B&D leashes on my Scott SG 105s. I wrap them pretty high on my leg, so I can release coils, if I stuff a ski into deep snow.
                  Click image for larger version  Name:	Resized_20220119_125306.jpg Views:	2 Size:	712.0 KB ID:	115701

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                  • #10
                    Originally posted by chamonix View Post

                    B&D leashes also come with break-away connectors. You can use one with (I think) a 40 lb load limit or 60 lb limit.
                    B&D leashes on my Scott SG 105s. I wrap them pretty high on my leg, so I can release coils, if I stuff a ski into deep snow.
                    Click image for larger version Name:	Resized_20220119_125306.jpg Views:	2 Size:	712.0 KB ID:	115701
                    The first pair of B&D leashes I got, I wrapped on my leg. That works great, but it wound up stretching them out a bit so now I have to keep wrapping them. On my second pair of leashes, on a different pair of skis, I started attaching it to the boot without wrapping. I just tied a little loop of cord on the top back of my boot and clipped to that. That seems to keep enough tension on them that they don't get tangled, but also doesn't stretch them. This way, I have more length available when I want it.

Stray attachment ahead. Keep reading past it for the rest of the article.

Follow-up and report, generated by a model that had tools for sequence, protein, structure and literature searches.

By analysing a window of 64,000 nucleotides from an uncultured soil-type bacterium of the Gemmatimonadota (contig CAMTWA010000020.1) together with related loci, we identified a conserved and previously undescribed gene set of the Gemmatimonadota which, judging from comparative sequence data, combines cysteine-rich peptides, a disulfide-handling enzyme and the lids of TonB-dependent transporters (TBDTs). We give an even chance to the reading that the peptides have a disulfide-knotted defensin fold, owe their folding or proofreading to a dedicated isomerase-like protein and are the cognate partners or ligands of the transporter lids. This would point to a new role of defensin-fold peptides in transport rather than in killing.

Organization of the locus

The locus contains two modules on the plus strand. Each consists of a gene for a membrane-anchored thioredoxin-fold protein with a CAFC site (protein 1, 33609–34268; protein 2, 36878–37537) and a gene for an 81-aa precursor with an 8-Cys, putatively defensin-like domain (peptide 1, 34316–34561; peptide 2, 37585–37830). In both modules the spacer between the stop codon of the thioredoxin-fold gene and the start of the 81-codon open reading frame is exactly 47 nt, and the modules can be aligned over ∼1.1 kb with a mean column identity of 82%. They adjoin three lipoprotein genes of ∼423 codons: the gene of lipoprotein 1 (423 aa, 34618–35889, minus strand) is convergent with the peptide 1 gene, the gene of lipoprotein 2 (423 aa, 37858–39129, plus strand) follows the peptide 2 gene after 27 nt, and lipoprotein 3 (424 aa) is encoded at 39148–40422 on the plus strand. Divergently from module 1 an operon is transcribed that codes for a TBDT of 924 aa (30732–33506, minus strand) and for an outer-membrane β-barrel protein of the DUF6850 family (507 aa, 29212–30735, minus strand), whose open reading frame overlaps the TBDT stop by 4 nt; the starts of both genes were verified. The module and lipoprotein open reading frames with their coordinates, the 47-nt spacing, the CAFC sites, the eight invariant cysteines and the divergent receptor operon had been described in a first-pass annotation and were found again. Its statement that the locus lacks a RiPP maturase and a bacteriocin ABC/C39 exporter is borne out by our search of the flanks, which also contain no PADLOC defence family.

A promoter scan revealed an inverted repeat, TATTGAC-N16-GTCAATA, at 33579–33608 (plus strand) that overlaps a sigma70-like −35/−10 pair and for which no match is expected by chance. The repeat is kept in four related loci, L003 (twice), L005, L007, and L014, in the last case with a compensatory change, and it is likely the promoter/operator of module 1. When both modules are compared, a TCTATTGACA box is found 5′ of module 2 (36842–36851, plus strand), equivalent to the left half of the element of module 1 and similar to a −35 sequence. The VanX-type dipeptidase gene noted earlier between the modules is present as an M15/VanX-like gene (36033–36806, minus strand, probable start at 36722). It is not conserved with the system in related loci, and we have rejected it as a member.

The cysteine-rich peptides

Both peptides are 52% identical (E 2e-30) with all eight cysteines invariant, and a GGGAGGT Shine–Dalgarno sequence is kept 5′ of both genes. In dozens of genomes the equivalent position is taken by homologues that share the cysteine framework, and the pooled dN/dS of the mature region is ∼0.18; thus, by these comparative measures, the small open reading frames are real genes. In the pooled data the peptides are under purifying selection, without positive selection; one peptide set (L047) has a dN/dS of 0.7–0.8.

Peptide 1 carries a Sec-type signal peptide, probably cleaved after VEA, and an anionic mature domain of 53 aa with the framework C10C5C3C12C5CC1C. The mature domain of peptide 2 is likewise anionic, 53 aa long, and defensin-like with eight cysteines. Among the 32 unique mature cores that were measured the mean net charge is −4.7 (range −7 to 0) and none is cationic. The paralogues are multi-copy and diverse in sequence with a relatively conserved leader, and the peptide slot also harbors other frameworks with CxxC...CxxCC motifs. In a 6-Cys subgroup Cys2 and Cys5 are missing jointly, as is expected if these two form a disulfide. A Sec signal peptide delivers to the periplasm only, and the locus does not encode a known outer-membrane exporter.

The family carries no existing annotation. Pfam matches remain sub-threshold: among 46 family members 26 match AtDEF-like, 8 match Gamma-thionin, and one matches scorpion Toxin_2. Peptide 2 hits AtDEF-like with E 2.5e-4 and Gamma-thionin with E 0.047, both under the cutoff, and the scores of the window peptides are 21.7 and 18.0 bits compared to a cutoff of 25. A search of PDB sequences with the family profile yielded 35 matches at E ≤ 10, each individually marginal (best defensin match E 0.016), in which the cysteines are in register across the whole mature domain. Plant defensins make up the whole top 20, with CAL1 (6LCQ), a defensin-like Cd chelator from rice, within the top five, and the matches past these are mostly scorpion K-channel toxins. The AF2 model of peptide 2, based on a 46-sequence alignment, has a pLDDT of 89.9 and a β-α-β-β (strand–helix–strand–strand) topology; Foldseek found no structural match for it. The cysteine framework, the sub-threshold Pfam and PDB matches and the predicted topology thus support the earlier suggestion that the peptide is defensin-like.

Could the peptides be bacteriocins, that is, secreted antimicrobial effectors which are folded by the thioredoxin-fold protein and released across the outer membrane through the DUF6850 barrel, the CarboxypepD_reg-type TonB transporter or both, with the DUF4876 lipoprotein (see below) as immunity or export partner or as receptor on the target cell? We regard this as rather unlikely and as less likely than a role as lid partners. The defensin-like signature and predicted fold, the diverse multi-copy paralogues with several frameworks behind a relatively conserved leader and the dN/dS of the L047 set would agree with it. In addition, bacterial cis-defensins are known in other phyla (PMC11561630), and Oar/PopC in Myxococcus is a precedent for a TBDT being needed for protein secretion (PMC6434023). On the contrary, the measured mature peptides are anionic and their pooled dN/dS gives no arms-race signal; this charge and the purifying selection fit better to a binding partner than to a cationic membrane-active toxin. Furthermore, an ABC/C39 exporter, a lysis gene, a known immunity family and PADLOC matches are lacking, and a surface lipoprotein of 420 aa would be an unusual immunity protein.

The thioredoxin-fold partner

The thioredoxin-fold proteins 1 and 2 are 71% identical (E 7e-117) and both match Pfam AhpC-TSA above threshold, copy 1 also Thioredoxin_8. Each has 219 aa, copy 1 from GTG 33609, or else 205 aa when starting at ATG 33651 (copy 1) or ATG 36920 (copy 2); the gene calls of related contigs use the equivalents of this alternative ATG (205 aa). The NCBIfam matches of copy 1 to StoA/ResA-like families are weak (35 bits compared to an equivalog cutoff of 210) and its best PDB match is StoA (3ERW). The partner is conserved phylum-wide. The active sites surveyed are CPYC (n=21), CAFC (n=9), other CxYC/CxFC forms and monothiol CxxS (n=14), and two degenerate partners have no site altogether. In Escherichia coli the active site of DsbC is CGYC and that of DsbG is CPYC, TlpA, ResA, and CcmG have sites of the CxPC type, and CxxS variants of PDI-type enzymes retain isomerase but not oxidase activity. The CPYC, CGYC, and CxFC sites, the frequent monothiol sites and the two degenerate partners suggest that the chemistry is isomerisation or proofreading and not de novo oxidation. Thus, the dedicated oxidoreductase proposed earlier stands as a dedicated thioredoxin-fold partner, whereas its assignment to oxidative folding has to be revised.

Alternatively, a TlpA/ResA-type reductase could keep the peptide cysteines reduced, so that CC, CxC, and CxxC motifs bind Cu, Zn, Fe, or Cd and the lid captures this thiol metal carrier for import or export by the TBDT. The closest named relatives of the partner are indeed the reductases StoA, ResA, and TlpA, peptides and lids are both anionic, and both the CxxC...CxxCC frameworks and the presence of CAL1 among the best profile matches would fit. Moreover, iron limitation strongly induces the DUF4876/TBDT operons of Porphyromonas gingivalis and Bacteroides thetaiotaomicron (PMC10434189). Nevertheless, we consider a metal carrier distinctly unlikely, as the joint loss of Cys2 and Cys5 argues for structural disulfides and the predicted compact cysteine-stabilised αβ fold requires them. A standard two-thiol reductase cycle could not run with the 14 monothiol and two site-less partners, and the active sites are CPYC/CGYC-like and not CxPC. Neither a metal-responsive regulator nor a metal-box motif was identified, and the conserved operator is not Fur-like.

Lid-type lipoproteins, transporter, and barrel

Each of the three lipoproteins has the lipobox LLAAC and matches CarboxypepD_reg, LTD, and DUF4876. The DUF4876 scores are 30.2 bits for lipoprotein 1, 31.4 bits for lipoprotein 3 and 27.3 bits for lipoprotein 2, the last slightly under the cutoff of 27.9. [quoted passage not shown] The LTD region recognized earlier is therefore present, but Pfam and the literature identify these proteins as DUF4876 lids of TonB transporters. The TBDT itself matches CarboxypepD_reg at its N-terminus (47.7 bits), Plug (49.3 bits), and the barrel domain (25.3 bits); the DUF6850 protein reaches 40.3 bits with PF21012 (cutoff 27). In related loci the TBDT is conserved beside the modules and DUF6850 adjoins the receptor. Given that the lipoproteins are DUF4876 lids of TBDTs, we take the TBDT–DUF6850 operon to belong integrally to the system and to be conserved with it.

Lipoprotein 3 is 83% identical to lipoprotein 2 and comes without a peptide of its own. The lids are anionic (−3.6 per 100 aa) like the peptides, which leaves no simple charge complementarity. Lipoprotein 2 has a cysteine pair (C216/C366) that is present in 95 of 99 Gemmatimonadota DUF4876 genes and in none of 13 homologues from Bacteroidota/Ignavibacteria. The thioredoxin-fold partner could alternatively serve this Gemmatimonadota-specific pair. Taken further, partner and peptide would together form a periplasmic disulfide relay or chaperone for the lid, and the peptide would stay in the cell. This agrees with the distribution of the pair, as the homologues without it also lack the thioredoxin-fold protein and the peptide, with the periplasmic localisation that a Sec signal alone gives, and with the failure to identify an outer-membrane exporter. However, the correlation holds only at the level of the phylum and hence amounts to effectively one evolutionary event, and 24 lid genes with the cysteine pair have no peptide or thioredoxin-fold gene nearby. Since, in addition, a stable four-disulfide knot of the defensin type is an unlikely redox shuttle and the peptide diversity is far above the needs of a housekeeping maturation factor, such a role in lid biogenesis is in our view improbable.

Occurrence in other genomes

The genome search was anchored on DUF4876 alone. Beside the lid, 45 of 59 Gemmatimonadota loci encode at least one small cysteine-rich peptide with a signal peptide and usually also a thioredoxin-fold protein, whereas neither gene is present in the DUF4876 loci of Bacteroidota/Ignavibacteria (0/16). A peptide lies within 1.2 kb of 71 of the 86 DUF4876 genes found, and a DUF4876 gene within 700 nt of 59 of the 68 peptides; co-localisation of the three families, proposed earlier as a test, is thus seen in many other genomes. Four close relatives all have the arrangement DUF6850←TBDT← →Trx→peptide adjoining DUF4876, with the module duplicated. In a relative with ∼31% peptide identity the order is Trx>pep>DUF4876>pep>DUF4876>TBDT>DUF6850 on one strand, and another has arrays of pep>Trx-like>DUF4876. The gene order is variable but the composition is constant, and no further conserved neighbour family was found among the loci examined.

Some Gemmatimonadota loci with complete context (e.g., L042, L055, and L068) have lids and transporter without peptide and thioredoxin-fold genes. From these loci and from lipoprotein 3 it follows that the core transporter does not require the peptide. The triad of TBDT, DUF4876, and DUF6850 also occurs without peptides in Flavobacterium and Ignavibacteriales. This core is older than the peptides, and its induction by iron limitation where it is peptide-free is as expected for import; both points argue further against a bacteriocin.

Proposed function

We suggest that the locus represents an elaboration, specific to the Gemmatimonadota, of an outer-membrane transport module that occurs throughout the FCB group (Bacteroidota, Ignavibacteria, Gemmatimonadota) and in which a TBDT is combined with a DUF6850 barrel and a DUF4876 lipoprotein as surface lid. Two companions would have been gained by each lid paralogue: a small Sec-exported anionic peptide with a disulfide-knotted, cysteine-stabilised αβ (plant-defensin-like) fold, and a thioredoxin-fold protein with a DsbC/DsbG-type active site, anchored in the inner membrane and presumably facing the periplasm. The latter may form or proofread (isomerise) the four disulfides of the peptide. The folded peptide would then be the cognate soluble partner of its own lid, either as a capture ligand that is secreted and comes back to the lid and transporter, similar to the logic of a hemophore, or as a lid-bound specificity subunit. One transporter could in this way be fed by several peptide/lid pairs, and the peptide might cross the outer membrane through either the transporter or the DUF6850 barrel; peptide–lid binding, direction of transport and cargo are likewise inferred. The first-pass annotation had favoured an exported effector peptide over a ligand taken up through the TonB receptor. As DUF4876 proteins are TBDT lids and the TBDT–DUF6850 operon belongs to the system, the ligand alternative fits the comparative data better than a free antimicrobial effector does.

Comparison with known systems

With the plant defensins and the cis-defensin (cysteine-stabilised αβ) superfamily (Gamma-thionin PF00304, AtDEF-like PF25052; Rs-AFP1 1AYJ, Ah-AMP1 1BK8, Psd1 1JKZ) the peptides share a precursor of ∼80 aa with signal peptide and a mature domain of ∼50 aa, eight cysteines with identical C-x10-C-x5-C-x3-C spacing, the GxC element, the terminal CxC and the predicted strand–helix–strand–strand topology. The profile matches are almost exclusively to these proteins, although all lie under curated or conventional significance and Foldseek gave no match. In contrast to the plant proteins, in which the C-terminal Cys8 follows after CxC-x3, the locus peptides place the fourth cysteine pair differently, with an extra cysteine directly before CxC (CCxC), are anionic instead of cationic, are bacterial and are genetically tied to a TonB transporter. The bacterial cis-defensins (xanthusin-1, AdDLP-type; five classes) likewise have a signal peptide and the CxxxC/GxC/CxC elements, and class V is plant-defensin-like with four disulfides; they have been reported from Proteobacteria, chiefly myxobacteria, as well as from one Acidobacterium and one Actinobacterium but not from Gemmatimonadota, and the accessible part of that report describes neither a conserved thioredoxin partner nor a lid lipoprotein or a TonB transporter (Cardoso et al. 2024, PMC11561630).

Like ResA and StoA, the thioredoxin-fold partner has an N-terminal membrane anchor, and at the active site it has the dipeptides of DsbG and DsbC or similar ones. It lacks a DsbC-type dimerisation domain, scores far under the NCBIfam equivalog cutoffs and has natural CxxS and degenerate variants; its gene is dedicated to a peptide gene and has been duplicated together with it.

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                    • #11
                      Looks like there are lots of answers here. Many ways to go about it. But this is the best way

                      Gorilla Glue. Easy to remove the screws after, it is waterproof.

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                      • #12
                        Thanks all, went with wood glue for the temporary mounts, will epoxy once my Meidjo brakes get out of what I can only assume is customs purgatory. I like brakes, ymmv

                        Edited to add: did I mount with glue yesterday, and today, the day before my trip, the brakes finally came? Yes
                        Last edited by Tele 'til You're Smelly; 7 April 2022, 02:46 PM.
                        Reluctant enthusiast, part-time crusader, half-hearted fanatic